But however critical this may be, it isn’t the main reason. Litzman is about to face a pre-indictment hearing, after which a decision will be made on whether to indict him in two cases. One stems from the illegitimate pressure he applied on behalf of the ultra-Orthodox Israeli Australian Malka Leifer so that she could obtain a “professional” opinion ruling her unfit to stand her pedophilia trial. In the other case, Litzman is accused of pressuring ministry professionals not to close a restaurant whose owner is close to him, even though its disgraceful hygienic conditions made people sick.
In other words, ministry staffers at various levels have information about Litzman. As long as he’s there, running things via his aides, they might keep their mouths shut for fear of his vengeance. But the moment he leaves, they might even reveal a few new scandals.
A standard trope in detective fiction is that the criminal always returns to the scene of the crime. Maybe in this case the criminal has decided that the best thing to do is not leave to begin with.
“What power does the prime minister have?” Netanyahu has preached to his staff forever. “He appoints the ministers, he fires them, and he sets the agenda for the cabinet and the security cabinet.”
This sparse description might sound unpretentious, but it also includes a great deal of truth. It’s what provides Israel’s prime minister, and his counterparts in civilized countries, the power to govern. But today, the checks and balances come only from the High Court of Justice.
As a result, someone close to Gantz told me, Benny’s achievement hasn’t been appreciated enough – the same way the scope of what Bibi is giving up hasn’t been understood enough. Netanyahu will not appoint or fire the ministers from Kahol Lavan, nor will he set the agenda for the cabinet and the security cabinet by himself. Everything will be done by mutual agreement. Whatever is not agreed on will not be brought up for discussion.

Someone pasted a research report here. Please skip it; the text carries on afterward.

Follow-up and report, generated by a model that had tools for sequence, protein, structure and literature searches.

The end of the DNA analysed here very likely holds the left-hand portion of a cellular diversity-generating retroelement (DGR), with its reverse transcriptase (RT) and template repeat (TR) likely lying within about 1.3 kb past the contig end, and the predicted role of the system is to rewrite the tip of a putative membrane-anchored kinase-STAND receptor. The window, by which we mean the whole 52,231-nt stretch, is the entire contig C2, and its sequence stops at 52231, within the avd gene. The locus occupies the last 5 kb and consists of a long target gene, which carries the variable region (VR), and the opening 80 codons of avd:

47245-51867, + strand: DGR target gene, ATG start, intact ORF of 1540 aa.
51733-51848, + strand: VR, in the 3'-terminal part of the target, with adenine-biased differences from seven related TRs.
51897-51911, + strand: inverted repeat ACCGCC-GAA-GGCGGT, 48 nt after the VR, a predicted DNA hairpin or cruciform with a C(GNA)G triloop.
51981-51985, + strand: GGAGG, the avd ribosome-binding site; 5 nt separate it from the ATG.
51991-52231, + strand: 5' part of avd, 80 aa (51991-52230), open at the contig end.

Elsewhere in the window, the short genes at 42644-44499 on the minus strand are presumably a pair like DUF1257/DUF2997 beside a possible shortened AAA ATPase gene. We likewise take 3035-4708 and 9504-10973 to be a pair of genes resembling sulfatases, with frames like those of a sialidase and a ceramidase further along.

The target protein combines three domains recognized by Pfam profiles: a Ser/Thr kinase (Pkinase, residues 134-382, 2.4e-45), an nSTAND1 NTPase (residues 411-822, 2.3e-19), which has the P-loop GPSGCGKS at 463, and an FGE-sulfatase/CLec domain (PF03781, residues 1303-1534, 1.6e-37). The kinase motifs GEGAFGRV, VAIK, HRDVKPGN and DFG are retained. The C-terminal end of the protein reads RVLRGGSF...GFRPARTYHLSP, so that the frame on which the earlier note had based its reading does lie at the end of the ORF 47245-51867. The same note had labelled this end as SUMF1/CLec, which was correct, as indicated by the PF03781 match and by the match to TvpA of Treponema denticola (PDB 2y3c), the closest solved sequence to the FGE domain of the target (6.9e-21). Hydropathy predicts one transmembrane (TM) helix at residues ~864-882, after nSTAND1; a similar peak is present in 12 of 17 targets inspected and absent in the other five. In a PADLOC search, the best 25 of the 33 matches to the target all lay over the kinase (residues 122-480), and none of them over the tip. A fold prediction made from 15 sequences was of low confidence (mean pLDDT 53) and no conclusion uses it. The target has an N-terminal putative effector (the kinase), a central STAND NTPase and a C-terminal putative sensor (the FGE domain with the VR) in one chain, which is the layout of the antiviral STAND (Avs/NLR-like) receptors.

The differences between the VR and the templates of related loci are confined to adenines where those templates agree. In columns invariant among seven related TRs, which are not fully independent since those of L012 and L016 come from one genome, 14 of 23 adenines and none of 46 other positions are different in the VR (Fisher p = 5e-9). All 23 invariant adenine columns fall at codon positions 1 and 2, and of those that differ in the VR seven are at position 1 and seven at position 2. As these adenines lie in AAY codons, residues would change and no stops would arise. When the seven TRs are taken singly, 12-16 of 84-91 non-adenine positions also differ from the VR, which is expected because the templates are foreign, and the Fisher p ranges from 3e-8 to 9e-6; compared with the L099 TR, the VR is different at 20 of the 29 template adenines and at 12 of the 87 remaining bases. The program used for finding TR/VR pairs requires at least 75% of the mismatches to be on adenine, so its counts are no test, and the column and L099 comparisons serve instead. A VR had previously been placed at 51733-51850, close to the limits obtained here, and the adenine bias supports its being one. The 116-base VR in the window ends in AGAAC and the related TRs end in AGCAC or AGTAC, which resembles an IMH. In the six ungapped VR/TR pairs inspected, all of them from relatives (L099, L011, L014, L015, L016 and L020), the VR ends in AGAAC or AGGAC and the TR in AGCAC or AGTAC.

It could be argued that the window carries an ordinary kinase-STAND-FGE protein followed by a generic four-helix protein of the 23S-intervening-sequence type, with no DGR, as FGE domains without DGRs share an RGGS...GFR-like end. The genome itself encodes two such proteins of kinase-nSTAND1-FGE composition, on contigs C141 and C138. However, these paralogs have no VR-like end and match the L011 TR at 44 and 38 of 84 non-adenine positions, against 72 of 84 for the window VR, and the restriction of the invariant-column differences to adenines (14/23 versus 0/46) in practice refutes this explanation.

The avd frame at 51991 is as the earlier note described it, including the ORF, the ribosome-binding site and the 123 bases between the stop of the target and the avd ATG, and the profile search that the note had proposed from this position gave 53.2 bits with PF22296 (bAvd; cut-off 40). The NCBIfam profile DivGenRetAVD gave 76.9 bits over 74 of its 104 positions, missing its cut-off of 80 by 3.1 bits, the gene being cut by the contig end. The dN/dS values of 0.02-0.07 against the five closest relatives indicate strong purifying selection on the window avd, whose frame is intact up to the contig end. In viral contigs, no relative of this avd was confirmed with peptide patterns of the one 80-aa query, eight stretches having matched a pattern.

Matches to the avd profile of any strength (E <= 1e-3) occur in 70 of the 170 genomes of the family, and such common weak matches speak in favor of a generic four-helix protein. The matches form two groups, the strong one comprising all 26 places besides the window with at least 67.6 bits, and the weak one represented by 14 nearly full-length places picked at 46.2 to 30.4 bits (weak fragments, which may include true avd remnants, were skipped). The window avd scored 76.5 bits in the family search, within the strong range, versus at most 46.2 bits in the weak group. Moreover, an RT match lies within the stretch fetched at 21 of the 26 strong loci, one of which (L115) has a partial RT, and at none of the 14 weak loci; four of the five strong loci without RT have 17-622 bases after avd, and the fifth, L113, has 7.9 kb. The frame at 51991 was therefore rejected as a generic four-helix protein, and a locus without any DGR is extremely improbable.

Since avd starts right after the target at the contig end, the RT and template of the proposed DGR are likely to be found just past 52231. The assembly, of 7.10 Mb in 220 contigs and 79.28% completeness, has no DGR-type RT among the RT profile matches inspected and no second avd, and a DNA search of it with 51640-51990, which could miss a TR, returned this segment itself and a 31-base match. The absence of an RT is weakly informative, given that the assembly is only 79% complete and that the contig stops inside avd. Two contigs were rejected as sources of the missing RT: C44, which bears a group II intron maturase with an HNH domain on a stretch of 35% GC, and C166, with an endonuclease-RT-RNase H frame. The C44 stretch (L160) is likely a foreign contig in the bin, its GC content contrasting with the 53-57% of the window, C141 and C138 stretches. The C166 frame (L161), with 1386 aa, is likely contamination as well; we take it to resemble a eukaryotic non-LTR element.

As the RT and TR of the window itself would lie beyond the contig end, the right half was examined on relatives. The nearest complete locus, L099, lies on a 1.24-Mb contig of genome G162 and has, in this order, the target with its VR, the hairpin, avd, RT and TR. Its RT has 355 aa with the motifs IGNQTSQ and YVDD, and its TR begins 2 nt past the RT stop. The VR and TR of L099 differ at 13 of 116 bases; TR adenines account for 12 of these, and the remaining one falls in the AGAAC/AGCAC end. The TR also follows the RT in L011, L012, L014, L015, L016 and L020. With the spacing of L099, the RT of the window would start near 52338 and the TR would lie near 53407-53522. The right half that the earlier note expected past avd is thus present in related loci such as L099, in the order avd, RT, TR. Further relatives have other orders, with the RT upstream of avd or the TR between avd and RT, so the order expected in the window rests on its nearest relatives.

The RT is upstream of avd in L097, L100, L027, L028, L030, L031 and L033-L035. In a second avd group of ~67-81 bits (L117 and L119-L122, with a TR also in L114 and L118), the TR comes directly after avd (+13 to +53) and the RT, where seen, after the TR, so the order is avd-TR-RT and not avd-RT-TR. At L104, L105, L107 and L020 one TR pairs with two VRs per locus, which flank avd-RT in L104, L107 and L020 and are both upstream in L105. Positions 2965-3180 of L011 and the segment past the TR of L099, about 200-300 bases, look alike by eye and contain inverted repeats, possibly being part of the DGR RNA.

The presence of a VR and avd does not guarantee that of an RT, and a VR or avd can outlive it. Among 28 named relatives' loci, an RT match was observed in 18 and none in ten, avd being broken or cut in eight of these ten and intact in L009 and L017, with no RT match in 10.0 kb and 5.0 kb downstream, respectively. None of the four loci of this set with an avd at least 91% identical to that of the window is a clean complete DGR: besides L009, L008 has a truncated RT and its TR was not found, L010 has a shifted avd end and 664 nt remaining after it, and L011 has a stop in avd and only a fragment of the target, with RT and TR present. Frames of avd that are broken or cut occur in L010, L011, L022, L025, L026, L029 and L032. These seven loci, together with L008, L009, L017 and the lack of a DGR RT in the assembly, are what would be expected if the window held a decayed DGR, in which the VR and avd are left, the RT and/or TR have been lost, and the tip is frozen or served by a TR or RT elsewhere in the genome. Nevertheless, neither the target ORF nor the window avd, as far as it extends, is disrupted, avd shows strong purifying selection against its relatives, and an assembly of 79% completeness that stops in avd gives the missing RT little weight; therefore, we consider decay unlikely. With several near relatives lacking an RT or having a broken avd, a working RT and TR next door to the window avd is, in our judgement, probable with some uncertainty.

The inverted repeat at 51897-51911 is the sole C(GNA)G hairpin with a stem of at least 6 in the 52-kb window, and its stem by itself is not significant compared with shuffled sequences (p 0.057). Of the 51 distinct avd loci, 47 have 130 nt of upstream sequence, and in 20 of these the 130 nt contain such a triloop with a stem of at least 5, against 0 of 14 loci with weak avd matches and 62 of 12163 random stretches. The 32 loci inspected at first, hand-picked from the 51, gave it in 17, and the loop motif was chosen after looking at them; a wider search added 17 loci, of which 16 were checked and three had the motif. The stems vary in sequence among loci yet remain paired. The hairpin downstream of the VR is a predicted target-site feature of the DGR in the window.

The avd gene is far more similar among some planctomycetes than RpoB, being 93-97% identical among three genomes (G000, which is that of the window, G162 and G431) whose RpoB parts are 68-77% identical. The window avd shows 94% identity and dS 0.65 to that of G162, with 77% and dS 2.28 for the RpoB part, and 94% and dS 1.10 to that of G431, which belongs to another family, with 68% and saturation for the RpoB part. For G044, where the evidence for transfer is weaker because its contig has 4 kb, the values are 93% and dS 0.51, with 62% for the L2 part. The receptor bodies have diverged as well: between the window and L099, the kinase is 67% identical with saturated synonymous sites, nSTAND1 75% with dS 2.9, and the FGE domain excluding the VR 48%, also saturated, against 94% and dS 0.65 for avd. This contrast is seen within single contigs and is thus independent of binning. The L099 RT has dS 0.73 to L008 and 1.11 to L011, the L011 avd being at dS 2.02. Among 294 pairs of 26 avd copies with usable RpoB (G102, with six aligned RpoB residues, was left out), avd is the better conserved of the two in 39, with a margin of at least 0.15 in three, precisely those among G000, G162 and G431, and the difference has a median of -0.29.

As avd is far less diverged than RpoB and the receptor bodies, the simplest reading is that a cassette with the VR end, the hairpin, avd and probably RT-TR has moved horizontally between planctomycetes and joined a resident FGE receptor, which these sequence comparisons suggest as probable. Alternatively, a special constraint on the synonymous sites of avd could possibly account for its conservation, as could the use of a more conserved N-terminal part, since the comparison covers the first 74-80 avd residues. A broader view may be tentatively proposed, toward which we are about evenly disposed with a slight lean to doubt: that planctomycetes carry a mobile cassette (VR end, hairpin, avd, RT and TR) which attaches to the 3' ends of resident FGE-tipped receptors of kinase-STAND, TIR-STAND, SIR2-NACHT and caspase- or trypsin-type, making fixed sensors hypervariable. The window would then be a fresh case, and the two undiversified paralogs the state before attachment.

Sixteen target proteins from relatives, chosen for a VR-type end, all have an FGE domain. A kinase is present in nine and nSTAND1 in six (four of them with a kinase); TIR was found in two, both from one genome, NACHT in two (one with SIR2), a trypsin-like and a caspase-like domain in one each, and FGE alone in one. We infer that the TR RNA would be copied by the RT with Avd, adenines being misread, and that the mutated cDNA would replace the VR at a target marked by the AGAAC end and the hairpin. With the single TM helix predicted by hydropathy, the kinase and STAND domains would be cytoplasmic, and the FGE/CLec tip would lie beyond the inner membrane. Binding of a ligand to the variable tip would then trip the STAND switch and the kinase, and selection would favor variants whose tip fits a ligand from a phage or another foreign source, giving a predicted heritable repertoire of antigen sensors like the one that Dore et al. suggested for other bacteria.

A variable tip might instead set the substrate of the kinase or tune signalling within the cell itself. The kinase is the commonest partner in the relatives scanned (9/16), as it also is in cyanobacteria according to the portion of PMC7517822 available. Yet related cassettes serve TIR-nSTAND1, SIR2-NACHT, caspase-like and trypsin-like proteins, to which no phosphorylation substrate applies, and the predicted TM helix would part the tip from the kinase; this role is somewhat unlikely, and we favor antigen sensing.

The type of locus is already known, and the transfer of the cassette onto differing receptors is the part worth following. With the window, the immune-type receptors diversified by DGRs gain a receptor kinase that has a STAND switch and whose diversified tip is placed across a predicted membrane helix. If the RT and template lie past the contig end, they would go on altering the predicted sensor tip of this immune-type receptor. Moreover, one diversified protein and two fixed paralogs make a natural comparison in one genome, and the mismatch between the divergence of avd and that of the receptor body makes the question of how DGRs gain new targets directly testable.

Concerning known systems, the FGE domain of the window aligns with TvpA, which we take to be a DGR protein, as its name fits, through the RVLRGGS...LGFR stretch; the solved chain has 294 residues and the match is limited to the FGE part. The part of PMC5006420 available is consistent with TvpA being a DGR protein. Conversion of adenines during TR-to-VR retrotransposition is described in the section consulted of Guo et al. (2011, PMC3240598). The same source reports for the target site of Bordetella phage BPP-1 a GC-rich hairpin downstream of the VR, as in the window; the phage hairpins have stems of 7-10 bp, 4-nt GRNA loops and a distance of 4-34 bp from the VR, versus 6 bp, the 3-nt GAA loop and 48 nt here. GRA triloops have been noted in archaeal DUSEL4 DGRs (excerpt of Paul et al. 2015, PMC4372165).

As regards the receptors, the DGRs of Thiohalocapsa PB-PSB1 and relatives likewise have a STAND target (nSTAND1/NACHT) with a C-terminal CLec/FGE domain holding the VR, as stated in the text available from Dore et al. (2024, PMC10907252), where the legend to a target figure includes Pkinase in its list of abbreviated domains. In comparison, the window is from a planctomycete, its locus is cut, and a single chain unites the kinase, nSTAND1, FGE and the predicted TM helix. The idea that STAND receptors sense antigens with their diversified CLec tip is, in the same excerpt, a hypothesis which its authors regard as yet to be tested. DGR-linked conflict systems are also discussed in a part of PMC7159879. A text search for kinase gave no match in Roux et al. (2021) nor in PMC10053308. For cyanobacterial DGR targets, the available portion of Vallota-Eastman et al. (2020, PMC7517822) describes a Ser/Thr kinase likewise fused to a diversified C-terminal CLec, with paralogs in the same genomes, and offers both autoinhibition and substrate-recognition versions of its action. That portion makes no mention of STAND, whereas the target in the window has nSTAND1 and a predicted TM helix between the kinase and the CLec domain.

“The media enjoys beating up on Gantz so much,” this confidant complained. “As a result, it tends to minimize the important of what has happened here: Another hand is on the wheel, another foot is on the pedals.”
Let’s go back a bit. A week ago, on Thursday, the coalition agreement appeared almost fully baked. A few media outlets announced that the signing was near. On Friday morning the negotiating teams met again, progress was made and it was agreed that Gantz and Netanyahu would meet Saturday night on Balfour Street, sit as long as they needed, and in the morning, if Allah willed it, they would sign.
The meeting lasted about six hours, and when it ended, Gantz proposed: Yalla, let’s sign. Netanyahu took his time. Just a moment, he asked. Let’s check this section, and this one, and that one – as usual, wearing the other guy down.